This also struck a chord with me as I’ve recently bought myself waterproof housing and the kit to get in the water as a photographer. In this way, the plan is that I will still be immersing myself but won’t be required to match the same level of surfing and I can hopefully build up some connections with surfers in the way Langseth describes. I’m also hoping that this will form part of my approach in using creative methods and possibly a visual output as part of the final thesis (more on this soon). Photographing moving objects while in the water, however, also requires skills that must be learned and that too is an ongoing process.

Another ‘way in’ I’ve found is through connecting with fellow female surfers. To ‘break the ice’ of approaching a surf spot for the first time, I’ve been connecting with women through instagram and existing networks to ask if they’ll be surfing around the Gower when the conditions are good. In this way, committing to a surf feels more accessible as I know I will recognise someone at the beach or in the parking lot. I recently wrote an article for ‘Daughters of the Sea‘ magazine about my research aims – the magazine launches soon and I hope that this helps in some way with networking and connecting with those who might be reading and interested in my research.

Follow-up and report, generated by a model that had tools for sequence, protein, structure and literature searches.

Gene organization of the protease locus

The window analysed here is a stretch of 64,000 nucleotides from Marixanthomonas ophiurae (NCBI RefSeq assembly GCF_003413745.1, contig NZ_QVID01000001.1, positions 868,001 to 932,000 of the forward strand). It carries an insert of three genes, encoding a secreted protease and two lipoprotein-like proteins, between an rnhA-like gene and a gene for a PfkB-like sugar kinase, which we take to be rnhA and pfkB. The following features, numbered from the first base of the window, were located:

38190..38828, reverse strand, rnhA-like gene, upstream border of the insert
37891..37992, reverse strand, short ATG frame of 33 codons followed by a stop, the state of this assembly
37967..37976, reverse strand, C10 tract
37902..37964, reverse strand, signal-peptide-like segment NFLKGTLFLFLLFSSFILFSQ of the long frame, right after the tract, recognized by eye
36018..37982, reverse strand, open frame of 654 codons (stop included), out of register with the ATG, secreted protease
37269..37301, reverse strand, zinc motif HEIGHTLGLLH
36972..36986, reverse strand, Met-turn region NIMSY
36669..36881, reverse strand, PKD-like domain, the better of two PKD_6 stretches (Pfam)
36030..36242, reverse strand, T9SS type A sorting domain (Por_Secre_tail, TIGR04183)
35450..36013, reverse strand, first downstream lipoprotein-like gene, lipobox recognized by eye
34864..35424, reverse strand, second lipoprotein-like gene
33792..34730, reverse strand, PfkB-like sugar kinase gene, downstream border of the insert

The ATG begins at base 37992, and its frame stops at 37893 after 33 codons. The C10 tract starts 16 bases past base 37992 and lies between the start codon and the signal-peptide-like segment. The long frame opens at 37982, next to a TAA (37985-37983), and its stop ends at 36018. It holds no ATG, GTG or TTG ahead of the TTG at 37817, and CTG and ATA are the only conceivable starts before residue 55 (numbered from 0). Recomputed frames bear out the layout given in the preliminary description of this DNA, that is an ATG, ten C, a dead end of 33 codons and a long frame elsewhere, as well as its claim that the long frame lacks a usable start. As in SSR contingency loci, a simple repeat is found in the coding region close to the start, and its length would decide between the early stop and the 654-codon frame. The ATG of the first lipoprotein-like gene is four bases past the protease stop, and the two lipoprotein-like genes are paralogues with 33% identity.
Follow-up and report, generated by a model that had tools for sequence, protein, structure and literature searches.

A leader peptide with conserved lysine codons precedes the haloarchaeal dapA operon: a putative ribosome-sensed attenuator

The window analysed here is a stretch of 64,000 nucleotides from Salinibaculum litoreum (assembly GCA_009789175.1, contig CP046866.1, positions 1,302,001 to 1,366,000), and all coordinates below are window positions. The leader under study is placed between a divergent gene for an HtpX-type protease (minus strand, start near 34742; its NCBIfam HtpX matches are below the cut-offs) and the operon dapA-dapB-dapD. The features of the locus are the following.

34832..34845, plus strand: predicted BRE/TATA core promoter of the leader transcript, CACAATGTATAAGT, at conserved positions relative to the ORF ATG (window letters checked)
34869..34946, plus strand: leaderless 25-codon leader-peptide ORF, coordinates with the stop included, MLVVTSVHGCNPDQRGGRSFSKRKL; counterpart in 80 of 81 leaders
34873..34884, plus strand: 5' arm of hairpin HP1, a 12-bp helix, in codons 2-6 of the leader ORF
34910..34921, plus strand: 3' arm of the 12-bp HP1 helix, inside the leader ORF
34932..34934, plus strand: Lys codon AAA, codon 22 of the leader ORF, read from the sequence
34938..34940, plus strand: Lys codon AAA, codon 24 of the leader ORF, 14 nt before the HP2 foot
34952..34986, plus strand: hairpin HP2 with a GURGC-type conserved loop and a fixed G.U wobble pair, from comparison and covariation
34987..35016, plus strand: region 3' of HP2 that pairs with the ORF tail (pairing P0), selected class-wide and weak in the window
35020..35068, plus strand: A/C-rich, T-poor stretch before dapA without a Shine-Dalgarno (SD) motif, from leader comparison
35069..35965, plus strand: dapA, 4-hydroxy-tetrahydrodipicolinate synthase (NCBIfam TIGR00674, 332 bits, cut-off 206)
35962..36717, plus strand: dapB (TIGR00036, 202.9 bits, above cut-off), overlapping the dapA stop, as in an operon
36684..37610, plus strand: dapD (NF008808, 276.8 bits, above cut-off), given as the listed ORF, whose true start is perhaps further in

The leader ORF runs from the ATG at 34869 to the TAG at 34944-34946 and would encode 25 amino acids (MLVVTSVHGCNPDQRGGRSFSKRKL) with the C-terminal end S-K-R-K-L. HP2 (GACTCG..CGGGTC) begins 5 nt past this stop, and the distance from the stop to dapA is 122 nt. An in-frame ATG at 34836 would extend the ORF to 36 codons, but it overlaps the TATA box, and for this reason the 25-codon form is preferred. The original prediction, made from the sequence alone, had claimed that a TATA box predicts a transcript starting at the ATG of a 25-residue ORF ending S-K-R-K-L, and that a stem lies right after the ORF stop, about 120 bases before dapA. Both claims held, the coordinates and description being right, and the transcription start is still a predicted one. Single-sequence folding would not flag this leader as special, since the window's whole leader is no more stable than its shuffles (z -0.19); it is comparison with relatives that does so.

So, my takeaway message (to myself) is that I am off. I’ve started. I still don’t know for sure what my research questions are, who exactly I’m hoping to research or how I’ll be doing this research – but what I do know is that dedication and showing up will help me on this quest. Wish me luck!



Langseth, T. 2012. Liquid ice surfers—the construction of surfer identities in Norway. Journal of Adventure Education and Outdoor Learning 12(1), pp. 3-23.